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What is Hedge Accounting?

Minneapolis, MN | Updated: March 2, 2023 | Craig Haymaker, CPA, Managing Director

Let’s begin by stating that it is NOT a method to account for ornately trimmed bushes or landscaping treatments. “Hedge accounting” is the generic term used by US-domestic entities that qualify for preferential accounting treatment under the Accounting Standards Codification topic 815, or “ASC 815,” entitled Derivatives and Hedging[1]. Now, I’m sure I piqued your interest with the words “qualify” and “preferential” – I’ll explain what those mean in a moment. But before that, I’d like to dig (*pun*) into some of the history of hedge accounting.

Derivatives started gaining popularity as hedging tools in the 80s and companies were exploring better ways to account for them. The Financial Accounting Standards Board (“FASB”) responded with its first hedge accounting standard in 1984 with topic 80, Accounting for Futures. Fast forward to the 90’s and both the use and complexity of derivatives were increasing in lockstep with market demand. FASB created the Derivatives Implementation Group (the “Dig” – see pun above) to serve as advisor and help usher in topic 133, which is the accounting grandchild of what we know today as ASC 815.

“Ok – fine, but what is it” you say? ASC 815 guides the accounting treatment for derivatives proven to be effective hedging instruments. At the most basic level, accountants are concerned with two aspects of derivatives[2]: 1) the change in mark-to-market (“MTM”) value, and 2) the cash flow(s) settled (“settlements”) between the user and the counterparty. Each of the foregoing items requires specific accounting treatment.

Putting aside the MTM and cash flow dollar amounts, we are left with two bookkeeping hurdles to jump. The first relates to timing, or the period in which those entries will be recorded. The second relates to financial statement geography, or the general ledger accounts to which the entries will be recorded.

With the first hurdle, users must record the MTM value and any cash flow settlements immediately in earnings (absent any hedge accounting designation). We know that derivatives, and their MTM values, are driven by changes in the price or rate of the underlying asset, commodity, index or security2. Said another way, the change in derivative MTM value is reflective of the price volatility of the market in which the underlying asset resides. A prudent person can expect a derivative value to change often and meaningfully, and therefore, the issue inherent in hedging activities is that this price volatility translates directly to earnings volatility thanks to our accounting requirement.

The second hurdle asks the question: where do we put gains/losses and settlements? The change in derivative MTM value is not recorded “above the line,” or as part of Operating Income/Expense. Rather, it is reflected in an Other Gains/Losses or Other Income/Expense line item. The problem here is that users want the impact of hedging activities reflected in their operating margin. Waxing and waning amounts in accounts labeled “Other” is a red flag for auditors and does little to assuage the perception that the derivatives are being used for anything other than speculation. Thus, the optics are reason enough to look elsewhere for help. Enter hedge accounting...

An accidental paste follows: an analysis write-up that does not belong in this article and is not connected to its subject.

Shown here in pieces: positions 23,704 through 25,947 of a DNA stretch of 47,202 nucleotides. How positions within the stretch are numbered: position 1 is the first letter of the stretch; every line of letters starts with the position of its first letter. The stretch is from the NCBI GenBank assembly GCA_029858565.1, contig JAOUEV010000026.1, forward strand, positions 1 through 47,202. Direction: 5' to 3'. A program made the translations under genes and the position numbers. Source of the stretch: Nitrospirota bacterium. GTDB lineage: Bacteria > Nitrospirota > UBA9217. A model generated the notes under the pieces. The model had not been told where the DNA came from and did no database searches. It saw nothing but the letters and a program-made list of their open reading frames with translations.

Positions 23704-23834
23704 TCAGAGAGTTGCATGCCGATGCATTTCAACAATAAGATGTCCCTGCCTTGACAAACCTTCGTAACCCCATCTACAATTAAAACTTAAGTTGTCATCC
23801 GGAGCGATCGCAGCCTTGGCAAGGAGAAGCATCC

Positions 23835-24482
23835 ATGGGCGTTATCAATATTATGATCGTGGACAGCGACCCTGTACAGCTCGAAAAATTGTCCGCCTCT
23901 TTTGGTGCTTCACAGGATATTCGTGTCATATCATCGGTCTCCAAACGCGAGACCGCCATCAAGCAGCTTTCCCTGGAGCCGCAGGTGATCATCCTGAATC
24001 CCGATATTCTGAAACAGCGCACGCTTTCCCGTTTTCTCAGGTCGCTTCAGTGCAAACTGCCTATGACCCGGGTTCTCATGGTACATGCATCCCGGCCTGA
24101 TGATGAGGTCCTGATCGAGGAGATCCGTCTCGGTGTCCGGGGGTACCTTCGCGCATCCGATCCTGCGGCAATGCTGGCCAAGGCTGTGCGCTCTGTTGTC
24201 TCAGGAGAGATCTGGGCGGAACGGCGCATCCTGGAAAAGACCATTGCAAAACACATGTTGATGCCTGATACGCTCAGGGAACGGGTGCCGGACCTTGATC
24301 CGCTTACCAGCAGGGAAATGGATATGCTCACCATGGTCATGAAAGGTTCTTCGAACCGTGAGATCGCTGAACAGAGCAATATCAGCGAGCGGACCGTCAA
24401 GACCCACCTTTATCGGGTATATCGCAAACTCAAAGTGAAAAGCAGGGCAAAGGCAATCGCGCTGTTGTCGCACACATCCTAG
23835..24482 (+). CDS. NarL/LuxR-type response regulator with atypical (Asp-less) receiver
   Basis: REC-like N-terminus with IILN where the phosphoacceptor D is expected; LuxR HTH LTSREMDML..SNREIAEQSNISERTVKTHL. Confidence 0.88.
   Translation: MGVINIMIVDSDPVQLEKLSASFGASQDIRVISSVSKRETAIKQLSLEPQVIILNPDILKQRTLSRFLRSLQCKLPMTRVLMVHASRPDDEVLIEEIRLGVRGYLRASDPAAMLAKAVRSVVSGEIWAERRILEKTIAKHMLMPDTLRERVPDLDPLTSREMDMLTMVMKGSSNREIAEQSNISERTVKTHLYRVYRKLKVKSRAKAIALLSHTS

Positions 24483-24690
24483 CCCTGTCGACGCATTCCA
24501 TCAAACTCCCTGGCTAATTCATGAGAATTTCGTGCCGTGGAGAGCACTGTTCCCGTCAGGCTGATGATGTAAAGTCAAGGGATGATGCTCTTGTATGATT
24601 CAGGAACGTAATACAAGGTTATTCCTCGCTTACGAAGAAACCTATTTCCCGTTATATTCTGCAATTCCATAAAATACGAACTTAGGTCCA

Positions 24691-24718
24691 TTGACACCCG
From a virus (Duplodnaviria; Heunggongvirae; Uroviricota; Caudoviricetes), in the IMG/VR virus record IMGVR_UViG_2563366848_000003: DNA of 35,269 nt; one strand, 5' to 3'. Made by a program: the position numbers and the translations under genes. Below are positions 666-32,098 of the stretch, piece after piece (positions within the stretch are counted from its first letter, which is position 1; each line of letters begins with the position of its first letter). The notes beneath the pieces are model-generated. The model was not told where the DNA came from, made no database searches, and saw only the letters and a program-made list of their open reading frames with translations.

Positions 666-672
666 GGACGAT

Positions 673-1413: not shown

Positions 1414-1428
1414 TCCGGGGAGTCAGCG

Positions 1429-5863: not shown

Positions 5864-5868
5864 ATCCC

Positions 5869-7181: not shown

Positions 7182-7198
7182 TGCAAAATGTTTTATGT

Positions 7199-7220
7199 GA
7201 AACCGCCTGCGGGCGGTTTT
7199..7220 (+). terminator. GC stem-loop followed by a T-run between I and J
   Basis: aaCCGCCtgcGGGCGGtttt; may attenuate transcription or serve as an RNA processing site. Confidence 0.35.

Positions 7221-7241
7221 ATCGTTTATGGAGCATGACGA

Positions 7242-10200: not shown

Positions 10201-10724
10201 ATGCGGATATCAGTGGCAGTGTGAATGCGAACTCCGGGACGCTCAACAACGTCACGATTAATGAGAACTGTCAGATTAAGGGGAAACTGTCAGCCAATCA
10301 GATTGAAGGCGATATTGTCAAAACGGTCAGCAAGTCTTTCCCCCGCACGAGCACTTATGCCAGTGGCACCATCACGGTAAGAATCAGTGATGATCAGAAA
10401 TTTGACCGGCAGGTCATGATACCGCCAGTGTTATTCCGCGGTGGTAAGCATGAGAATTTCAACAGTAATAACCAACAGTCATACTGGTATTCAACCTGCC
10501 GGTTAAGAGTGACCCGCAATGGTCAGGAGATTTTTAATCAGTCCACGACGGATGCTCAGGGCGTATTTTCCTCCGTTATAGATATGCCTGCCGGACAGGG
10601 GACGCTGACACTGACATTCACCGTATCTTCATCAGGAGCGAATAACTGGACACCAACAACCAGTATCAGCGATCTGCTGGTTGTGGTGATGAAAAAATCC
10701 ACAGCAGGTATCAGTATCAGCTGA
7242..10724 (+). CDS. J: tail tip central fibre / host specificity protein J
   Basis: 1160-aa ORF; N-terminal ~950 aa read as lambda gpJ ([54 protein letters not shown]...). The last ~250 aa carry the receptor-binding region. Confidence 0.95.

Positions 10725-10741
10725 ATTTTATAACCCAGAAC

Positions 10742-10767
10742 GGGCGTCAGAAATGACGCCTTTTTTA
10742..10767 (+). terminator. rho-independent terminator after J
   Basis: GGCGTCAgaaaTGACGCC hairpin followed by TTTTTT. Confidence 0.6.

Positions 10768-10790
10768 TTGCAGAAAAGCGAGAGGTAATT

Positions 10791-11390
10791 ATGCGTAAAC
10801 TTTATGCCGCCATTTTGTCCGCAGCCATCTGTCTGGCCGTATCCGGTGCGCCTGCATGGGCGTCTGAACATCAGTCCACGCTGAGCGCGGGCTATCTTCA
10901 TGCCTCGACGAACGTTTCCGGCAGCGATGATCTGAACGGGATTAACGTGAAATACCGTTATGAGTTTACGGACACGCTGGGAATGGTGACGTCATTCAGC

The benefit of hedge accounting is that users can offset adverse changes in value or cash flows between a hedging derivative and a hedged item. Journal entries that are recorded in the income statement are timed to reflect amounts of value or cash flow changes between the hedging derivative and hedged item in the same period. This entry is also made such that the derivative effect is recognized as an offset in the same line item to the hedged item. The effects of both the timing and geography of the entries significantly reduces earnings volatility for user entities. The visual depiction of hedge accounting is as follows:

This article ignores a critical part of hedge accounting, which is the hedge effectiveness testing requirement. This is the “proof” (alluded to previously) that qualifies users for hedge accounting. Effectiveness testing is a meaty topic in its own right, necessitating its own article. Also, effectiveness testing involves statistical analysis, and I felt that an article based solely on accounting was punishment enough – you’re welcome!

Hedge accounting can be challenging. It requires vigilance and dedicated resources to manage important tasks such as documentation, hedge effectiveness testing, monitoring hedged items and recording journal entries. Addressing these requirements is often a coordinated effort across team members in operations, treasury, accounting, internal audit and other areas. As such, entities must make budgetary considerations to either provide sufficient resources internally, or hire third-party outsourced expertise to cover the needs.

HedgeStar can provide a bridge solution to help launch entities seeking hedge accounting, or completely alleviate the burden for entities as a long-term, outsourced provider. Call a HedgeStar expert today!


[1] The foreign equivalent is International Financial Reporting Standards number 9. Governmental Accounting Standards Board paragraph 53 is the standard for municipal institutions. [2] For more information on derivatives, please refer to our article on “What is a derivative?”


Contact the Author:

Craig Haymaker, CPA, Managing Director

Mobile: 952-240-1984

Office: 952-208-5704

Media Contact:

Megan Roth, Marketing Manager

Office: 952-746-6056



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